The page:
Powder Burns, All of This and More – Harp
The Twilight Singers, Powder Burns
The Afghan Whigs were one of the 1990s’ most improbable successes—pregrunge, postpunk rock band with a soul subtext and the cojones to play it straight. After the Whigs’ official dissolution in 2001, frontman Greg Dulli remained visible, fronting the Twilight Singers and working on various music, film and production projects. Bassist John Curley produced regional groups at his Cincinnati studio and the remaining Whigs kept low profiles.
Dulli’s work with the Twilight Singers has been fascinating and diverse, and with Powder Burns, his fourth Singers effort, Dulli has created his most majestic, sprawling and yet intensely personal album to date. For the first time, Dulli has fully integrated the Whigs’ elemental rock personality with the Singers’ adventurous musical nature, and the results are magnificent. The tumult of “Underneath the Waves” and the title track are beautifully balanced with the quiet reflection of “The Conversation” and the pop noir of “Forty Dollars,” with its sly Beatles references.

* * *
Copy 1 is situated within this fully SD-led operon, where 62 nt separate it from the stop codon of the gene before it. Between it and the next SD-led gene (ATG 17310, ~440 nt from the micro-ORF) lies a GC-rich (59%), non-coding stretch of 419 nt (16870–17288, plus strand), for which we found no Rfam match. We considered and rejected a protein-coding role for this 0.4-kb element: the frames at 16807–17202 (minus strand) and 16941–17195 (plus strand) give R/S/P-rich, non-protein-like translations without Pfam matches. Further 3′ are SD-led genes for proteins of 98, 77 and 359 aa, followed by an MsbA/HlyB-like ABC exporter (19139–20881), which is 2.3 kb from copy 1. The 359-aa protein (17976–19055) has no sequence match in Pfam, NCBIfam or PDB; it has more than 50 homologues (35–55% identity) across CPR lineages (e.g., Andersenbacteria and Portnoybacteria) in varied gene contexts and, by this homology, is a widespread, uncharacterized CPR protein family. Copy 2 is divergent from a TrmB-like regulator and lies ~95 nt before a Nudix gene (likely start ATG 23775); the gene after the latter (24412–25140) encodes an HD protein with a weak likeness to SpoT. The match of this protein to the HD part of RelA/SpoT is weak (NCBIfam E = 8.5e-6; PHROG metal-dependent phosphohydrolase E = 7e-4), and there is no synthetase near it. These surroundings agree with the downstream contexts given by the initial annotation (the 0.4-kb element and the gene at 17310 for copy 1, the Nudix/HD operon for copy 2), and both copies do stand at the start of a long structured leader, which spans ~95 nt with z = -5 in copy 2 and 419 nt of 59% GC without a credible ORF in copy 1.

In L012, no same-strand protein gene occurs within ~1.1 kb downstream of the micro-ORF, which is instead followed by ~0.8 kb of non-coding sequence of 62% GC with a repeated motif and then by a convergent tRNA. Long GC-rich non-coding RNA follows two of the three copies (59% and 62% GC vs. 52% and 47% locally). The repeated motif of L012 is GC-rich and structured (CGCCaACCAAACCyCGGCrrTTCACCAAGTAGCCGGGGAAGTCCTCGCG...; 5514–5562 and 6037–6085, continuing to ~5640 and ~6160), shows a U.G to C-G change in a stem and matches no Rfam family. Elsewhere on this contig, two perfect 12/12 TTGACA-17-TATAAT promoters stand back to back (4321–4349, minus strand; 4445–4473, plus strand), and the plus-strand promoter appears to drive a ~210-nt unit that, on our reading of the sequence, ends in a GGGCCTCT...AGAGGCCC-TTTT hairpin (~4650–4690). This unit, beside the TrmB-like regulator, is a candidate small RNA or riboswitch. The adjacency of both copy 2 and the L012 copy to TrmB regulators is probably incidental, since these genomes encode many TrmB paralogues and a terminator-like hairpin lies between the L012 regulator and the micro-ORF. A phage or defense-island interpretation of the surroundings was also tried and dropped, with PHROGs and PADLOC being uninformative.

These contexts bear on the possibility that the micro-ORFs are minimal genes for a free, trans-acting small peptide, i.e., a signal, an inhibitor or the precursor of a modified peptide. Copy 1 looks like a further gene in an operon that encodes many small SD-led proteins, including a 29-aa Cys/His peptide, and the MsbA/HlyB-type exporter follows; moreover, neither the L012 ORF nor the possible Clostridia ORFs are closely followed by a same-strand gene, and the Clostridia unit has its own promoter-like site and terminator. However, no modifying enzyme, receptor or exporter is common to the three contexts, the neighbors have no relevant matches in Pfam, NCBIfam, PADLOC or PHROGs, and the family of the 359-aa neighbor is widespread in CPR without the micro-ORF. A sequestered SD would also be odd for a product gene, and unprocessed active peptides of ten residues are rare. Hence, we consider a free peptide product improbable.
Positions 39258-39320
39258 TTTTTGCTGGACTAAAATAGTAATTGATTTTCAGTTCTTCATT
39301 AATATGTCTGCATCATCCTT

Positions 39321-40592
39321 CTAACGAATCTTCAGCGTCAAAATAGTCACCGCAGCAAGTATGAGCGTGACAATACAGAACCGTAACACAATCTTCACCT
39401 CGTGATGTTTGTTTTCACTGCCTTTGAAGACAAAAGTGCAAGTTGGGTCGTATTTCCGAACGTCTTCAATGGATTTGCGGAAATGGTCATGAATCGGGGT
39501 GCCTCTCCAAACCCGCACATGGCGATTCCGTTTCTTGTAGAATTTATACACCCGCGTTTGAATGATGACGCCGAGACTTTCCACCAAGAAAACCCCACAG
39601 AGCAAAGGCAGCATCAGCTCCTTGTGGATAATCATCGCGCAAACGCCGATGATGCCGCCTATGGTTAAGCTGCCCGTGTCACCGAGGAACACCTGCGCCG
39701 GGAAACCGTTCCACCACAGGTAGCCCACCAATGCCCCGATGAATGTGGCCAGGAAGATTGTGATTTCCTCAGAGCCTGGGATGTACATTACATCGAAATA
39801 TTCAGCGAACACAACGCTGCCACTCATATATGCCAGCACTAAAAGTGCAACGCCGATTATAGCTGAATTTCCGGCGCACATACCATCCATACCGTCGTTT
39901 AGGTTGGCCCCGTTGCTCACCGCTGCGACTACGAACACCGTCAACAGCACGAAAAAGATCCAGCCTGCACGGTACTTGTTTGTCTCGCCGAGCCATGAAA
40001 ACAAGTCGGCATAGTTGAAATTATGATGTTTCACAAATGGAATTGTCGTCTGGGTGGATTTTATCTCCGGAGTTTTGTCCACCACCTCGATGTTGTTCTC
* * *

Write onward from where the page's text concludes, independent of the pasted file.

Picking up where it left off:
Meanwhile, Curley’s first post-Whigs band, Staggering Statistics, finds the uncommonly powerful bassist aligned with another manic muse in vocalist/guitarist Austin Brown. Like a wild blend of Public Image Ltd.’s antirock (“Embrace Your Decay”), the Teardrop Explodes’ noirish new wave (“We Celebrate Your Mistakes”), Guided by Voices’ Who fixation (“Objects in the Mirror”) and the Violent Femmes’ folk punk (“LCD”), the Statistics’ stripped back and sinewy pop/punk is shot through with adrenaline and perspective.
By Brian Baker